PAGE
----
Proof of Peril.
Some characters are killed as various kinds of proof for the audience.
This can be proof of peril for the heroes, or for the innocent.
This can be proof of the ruthlessness of the villain.
This can be proof of the lethal environment. In the opening of Saving Private Ryan many soldiers are gruesomely killed in the war beside Tom Hanks, proving both the extreme lethality of the situation and the stakes for Tom throughout the script.
In Jurassic Park (or many other dino movies), people (and other dinosaurs) must die to prove the dinosaurs present a lethal threat; otherwise simple roaring doesn't feel like enough.
In a "nature is the villain" movie (flood, earthquake, tornadoes, super-virulent disease, asteroids coming), many people must die to prove the threat is no joke, preferably sympathetic characters (e.g. young, elderly, or mother and child, perhaps a family). Similarly for "terrorist attack" and "aliens attack" stories.
This can be proof of our hero's lethality; i.e. Dirty Harry has no problem killing bad guys; Denzel in The Equalizer has no qualms about wading unarmed into a den of half a dozen armed gangsters and killing them all.
If your character is supposed to be the most accomplished warrior on the planet, you need to show him in battle quickly. Brad Pitt as Achilles kills some Goliath champion of an opposing army, in a "scheduled" battle, almost in an instant without taking a scratch.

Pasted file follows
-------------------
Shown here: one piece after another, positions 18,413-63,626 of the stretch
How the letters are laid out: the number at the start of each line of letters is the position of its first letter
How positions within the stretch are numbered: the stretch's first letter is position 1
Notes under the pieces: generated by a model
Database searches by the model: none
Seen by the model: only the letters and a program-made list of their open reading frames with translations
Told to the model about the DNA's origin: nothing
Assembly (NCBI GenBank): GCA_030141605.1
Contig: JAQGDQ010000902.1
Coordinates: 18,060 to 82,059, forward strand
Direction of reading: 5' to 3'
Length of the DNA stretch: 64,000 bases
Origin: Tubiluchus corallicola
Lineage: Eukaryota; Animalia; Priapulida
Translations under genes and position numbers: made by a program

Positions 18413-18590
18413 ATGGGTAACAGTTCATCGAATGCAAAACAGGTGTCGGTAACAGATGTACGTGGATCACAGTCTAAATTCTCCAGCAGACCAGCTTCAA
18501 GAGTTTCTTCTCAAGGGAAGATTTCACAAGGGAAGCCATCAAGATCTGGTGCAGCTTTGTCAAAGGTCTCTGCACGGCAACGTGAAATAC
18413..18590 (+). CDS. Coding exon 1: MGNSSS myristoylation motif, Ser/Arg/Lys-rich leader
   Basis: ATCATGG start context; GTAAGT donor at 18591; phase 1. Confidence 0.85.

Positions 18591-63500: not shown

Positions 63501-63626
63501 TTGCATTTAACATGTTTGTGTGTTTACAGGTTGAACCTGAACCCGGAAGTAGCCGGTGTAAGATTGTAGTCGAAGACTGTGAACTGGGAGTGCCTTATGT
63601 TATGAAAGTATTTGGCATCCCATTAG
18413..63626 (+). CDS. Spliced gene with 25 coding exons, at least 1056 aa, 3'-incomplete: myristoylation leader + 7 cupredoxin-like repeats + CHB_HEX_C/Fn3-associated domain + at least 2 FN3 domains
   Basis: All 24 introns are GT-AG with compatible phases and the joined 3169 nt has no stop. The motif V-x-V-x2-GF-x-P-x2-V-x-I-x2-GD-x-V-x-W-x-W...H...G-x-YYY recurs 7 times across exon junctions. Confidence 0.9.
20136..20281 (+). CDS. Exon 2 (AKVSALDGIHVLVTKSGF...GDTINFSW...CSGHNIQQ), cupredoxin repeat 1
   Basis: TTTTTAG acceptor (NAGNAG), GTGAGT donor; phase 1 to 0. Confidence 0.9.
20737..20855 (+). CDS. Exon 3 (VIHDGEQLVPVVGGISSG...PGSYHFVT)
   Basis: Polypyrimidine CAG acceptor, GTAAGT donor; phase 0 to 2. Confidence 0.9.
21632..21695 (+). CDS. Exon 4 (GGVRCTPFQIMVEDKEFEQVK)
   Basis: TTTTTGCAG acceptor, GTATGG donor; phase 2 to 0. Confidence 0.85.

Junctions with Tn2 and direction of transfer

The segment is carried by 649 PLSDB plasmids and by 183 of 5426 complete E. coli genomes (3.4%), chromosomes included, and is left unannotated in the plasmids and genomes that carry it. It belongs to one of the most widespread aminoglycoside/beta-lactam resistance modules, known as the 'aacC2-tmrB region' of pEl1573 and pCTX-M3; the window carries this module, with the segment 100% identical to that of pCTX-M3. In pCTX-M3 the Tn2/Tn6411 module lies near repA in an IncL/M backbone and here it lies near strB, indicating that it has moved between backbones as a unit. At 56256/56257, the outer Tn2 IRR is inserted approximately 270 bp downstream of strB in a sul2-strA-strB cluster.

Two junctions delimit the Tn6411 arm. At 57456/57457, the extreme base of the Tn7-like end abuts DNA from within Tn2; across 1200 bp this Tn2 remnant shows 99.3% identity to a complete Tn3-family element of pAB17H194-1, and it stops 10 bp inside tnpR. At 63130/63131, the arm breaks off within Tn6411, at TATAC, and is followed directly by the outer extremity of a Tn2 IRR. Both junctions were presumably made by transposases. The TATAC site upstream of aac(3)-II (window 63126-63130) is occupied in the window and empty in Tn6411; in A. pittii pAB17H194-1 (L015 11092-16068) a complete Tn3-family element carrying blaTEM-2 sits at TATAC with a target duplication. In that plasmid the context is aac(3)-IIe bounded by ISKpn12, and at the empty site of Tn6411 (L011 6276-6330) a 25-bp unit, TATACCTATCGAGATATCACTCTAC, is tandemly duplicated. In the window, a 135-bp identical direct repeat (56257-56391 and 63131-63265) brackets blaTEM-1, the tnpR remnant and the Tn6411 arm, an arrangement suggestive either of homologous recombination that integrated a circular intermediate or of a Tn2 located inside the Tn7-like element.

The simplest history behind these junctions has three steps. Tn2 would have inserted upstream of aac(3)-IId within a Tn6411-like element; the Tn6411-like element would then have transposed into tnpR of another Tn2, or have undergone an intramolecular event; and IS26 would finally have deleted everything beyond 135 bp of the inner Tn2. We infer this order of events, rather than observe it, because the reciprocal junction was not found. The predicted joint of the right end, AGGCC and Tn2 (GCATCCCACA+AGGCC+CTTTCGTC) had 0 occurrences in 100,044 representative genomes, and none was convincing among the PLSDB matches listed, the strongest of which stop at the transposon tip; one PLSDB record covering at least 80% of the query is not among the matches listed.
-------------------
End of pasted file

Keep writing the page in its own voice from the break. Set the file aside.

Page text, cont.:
An early death can be foreshadowing of an important death, e.g. the finale death of a developed character, like the villain, a love interest of the hero or story-long sidekick or friend of the hero.
Similar to foreshadow is personal danger: If the villain in your story kidnaps and rapes cheerleaders, then showing him committing his crime with an cheerleader that looks much like your protagonist not only makes the crime a real peril, it specifically puts your protagonist in the cross hairs, so every time she ventures out alone the audience anticipates peril.
+1 Nicol; there is some economy involved too; if we only need to kill people to prove to the audience there is significant peril, then a sketch of such people is enough. In a movie, their appearance alone can evoke sympathy, or antipathy. We don't need to spend a lot of time on them. A book is more forgiving and we might develop them a little; in a film every second counts, literally. But either way, too much investment delays the purpose and signals the reader the victim-to-be is important, which turns out to be a disappointment when they are killed and have no further impact on the plot.
When we kill somebody to prove something we want the audience frightened or impressed, but it is a mistake to make the audience "invest" too much in them only to be disappointed they just die, and quickly, and this has no more ramifications: Their death is a dead end (double meaning intended).
These characters are props, and like props we limit the audience investment so they feel what we (authors) want them to feel: Fear for the protagonist (or dread or hatred of the villain), we don't want them off on a sidetrack with their thoughts occupied by the interrupted life of the prop, what happened with their venture, or kids, or how her parents and siblings and boyfriend are faring after she is raped and tortured to death. To prevent that off-plot mental wandering, we just don't develop our victims and divulge all that information.
We show or tell the minimum of what is necessary about our "proof of peril" victims, only things that will inform the plot (e.g. the college girl's appearance, the time and place of her kidnapping, that suggest our villain's victim-type and modus operandi).